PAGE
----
A landowner who had just sold the timber on his 20-acre woodlot was sure he made a pretty nice deal.
It had to be a good deal; otherwise why would the buyer, a local logger, raise the price three times to get him to make the deal? The third offer was too good to refuse.
The landowner then signed a bare-bones contract with little in it except that the timber would be removed. No mention of Best Management Practices (BMPs), time limits, penalties, or what trees would be removed.
This actual case illustrates what can happen if woodlot owners make sales with inadequate information and knowledge. As it turned out, the timber in this sale was worth twice as much as the owner received.
The timber buyer was simply doing his job, buying as low as he could in order to make a profit. However, the seller could have realized much greater income by doing a little homework or using a professional forester to manage the sale.
Remember, those trees probably took 60 to 100 years to grow. Isn’t it worth it to spend a little time properly planning your timber sale?
What’s the timber worth? One of the first questions landowners ask is how much money they can get for their timber. Many factors can affect price. Some of these are:;
* Current market prices (stumpage) – locally, regionally, nationally, and globally;
* Amount of timber per acre – thousand board feet (sawtimber) and cords (pulpwood);
* Demand for the tree species present;
* Timber quality (grade), size (diameter and height), form (straightness);
* Access and operability- slope, roads, season, soil types, stream crossings;
* Contract terms – strict contracts with many requirements can lower price.
Current average market price ranges can be obtained from mill buyers, state and university stumpage price reports, and forestry consultants.
Sale planning. Woodlot owners will be much more satisfied and pleased with the results of well-planned sales. The first step is to have a professional forester write a stewardship or management plan.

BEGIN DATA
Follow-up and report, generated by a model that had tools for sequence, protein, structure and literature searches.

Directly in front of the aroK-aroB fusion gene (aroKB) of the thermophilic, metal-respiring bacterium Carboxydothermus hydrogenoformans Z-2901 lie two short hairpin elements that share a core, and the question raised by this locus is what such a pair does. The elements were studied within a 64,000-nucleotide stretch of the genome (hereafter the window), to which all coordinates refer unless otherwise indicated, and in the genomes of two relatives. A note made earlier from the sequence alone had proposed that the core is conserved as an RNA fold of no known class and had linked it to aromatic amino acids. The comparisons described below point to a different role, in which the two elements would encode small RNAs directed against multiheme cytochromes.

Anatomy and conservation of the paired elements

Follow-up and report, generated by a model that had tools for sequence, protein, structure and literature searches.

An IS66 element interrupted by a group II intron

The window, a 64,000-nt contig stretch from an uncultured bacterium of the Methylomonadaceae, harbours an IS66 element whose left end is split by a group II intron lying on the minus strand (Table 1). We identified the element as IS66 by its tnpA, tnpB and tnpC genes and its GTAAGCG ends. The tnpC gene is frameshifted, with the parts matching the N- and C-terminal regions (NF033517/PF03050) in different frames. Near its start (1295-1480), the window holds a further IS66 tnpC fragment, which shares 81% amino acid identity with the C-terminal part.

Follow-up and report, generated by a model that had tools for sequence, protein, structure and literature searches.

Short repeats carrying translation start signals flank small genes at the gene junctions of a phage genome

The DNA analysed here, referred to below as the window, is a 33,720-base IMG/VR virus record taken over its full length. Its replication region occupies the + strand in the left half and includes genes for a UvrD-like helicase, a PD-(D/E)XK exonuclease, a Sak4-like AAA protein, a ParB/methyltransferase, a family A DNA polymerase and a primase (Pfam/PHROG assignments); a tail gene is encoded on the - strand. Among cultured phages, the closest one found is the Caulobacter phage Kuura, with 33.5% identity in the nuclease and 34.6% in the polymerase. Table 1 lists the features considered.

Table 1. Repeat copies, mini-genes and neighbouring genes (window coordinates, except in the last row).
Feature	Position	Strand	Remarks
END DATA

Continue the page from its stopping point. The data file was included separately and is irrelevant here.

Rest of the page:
Know your boundaries and keep them marked. Have an operational plan that includes road locations, skid trails, stream crossings, landings, streamside management zone locations, and sale boundaries.
Get help. Landowners will benefit greatly from having a professional forester assist with their sale.
Studies have shown that sales administered by professional foresters using competitive bidding receive significantly higher sale income.
The forester can handle most aspects of the sale, especially the contract, timber description, bid solicitations, harvesting administration, and assuring compliance with West Virginia’s Logging Sediment Control Act (other states may or may not have similar laws).
Key contract elements. Contracts are binding agreements between two parties that are beneficial to both parties. Keep in mind that too many requirements or restrictions in a contract can affect prices paid for timber.
Woodlot owners should use a professional forester to draw up a contract. More complex contracts require consultation with an attorney.
Contracts should include:
* Type of payment and amount – lump sum (recommended), pay-as-cut or delivered, or percentage;
* Performance bond – amount and requirements;
* Location and legal description of timber sale area;
* Declaration of seller’s ownership – protection from third-party claims;
* Scaling and measurement methods if needed;
* Timber description – volume, species, type of cut, if marked, etc.;
* Projected start and completion dates;
* Time period of contract and what happens if an extension is needed;
* Penalties for cutting unmarked trees;
* Provisions for sale assignment to others by buyer;
* Arbitration clause for seller and buyer;
* Utilization standards – tops, cutoffs, and stump heights;
* Ownership of on-site residues;
* Rights of sale inspection, suspension, ingress, and egress;
* Protection from workers’ compensation claims, liability lawsuits, and property damage claims;
* Compliance with all federal, state, and local laws and regulations;
* Names, addresses, phone numbers and signatures of parties; and
* In West Virginia, who pays the 3.22 percent timber severance tax?
Many other items can be placed in a contract, but these are the main ones.
Do it right. You could write a contract on the back of an envelope, but it certainly is not recommended.
Other than having a well-written contract, satisfaction with on-ground results is usually higher if the woodlot owner inspects the property periodically.
These inspections keep landowners from being surprised by end results. Inspections should be made with the forester and logging contractor during and after the harvesting.
Close the sale. Finally, after the timber has been removed, you and/or the forestry consultant should make sure all points in the contract have been met.
If a bond was posted by the buyer or logger, it can be released after all payments have been made and on-ground requirements have been met.
Make sure all BMPs have been performed and that there are no problems with streams becoming silted or muddy from roads, trails, stream crossings, landings, etc.
(The author is forest operations extension specialist at the West Virginia University Appalachian Hardwood Center.)
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